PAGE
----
CM . . .
. Volume XII Number 18 . . . .May 12, 2006
Speak, Listen, and Learn: Building Speaking, Discussion, and Presentation Skills in Every Classroom.
Colleen Abbott & Sally Godinho.
Markham, ON: Pembroke, 2004.
96 pp., paper, $21.95.
Oral communication--Study and teaching (Elementary).
Listening--Study and teaching (Elementary).
Review by Valerie Nielsen.
In her foreword to Speak, Listen, and Learn, Cathy Miyata, author of Speaking Rules! writes:
In this book you will find passion, the skill to balance the passion, and most importantly, the means to impassion the students themselves. One flagstone after another is laid out neatly and precisely, leading us through the forest of student insecurities and fears into the clearing of insight and self-confidence.
A perusal of this 96 page soft-covered little book substantiates such claims. Authors Abbott and Godinho have put together a text that explores the nature of collaborative inquiry in a systematic way. The resulting resource is both teacher and student-friendly.
While teachers will find ways to "vacate the floor" and act as facilitators, moderators, supporters and role models, students are encouraged to respect and to rely on each other for ideas and insights. Opportunity for both teacher and student to reflect is built in at the end of each activity.
The authors believe that oral communication is central to all key learning areas, and, therefore, educators have a responsibility to provide opportunities for all students to develop and refine their listening and speaking skills. They have developed the four units in their text based on a constructivist approach which requires teachers to focus on teaching for understanding, rather than on transmitting specific knowledge. Speak, Listen, and Learn recognizes exploratory talk, metacognition and collaborative inquiry as essential principles in the development of effective discussion skills.
Based on the above-mentioned theories, the text has been organized into four units:
1. Tuning in concentrates on developing individual and small-group communication skills. (Discussing)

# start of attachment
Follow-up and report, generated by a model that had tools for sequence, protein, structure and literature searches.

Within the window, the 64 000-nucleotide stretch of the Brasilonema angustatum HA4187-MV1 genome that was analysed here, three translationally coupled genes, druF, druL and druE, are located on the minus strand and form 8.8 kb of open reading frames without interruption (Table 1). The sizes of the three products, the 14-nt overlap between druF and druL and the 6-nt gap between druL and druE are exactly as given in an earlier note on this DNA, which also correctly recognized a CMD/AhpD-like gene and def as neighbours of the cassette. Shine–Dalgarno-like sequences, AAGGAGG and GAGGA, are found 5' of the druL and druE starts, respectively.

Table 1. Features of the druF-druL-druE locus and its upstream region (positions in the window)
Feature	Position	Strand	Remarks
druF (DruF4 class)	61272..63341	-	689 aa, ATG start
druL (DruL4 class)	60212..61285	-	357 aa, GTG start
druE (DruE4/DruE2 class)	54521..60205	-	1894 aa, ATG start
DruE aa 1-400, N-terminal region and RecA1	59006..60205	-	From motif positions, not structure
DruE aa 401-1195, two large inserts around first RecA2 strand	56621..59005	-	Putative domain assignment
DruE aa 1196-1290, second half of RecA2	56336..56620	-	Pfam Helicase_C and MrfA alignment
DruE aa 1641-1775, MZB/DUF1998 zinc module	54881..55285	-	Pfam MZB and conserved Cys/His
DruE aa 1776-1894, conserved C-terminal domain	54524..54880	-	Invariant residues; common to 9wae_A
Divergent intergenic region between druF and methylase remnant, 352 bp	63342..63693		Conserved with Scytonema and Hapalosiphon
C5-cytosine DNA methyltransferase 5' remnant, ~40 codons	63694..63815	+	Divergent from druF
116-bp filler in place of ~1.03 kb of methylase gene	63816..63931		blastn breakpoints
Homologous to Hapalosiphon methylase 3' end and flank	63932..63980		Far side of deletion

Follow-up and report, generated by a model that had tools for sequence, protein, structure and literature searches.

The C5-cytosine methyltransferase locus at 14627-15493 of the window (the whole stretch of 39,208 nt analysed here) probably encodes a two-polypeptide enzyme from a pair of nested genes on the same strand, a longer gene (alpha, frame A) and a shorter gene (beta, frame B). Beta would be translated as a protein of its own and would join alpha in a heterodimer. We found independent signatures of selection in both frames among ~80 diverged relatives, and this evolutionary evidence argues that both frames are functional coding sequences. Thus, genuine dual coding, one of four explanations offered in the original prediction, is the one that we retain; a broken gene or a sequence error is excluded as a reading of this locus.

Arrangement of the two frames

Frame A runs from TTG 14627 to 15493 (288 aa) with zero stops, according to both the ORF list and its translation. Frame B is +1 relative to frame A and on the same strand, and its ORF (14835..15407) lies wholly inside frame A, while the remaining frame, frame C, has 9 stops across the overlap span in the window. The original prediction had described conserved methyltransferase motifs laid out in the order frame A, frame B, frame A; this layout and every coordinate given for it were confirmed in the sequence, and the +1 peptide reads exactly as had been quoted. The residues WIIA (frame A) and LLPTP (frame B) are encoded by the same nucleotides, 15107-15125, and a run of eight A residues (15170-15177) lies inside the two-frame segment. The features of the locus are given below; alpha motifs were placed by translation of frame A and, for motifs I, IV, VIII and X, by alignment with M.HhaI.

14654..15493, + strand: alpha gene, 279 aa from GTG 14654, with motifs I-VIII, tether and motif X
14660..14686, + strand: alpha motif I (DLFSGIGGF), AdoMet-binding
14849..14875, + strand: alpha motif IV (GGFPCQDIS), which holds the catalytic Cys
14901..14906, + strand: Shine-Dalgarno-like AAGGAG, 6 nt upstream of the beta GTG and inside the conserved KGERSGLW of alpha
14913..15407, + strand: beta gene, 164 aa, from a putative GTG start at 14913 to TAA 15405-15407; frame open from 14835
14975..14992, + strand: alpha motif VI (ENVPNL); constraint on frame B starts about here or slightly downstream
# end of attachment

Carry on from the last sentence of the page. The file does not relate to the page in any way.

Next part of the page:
2. Tell Me the Story explores narrative frameworks and strategies for engaging the audience. (Story-telling)
3. So What's New? Develops performance and presentation skills. (Reporting)
4. Let Me Change Your Mind explores ways of developing and contesting points of view. (Debating)
Each unit is followed by activities, guidelines for implementation, ideas for extension and a prompt both for student and teacher to reflect on what has happened in class. As well, a template for recording individual student profiles is provided at the end of each unit to assist in student evaluation.
At the end of the book, a helpful "Resource Bank" contains an overview of each unit and reproducible resources for students and teachers which include a variety of checklists, assessments and criteria. Teachers will find these readily adaptable for different ages and levels of competence, as well as for further speaking or listening projects.
The authors provide a glossary, an excellent and extensive bibliography and an index, proving that they are well aware of the features most useful for busy teachers. Speak, Listen, and Learn is a valuable tool for teachers in middle school, with many of its ideas easily adapted for junior high and Grade 10. Librarians in elementary, middle and junior high schools would be well advised to add this to their professional development collection.
A retired teacher-librarian, Valerie Nielsen lives in Winnipeg, MB.
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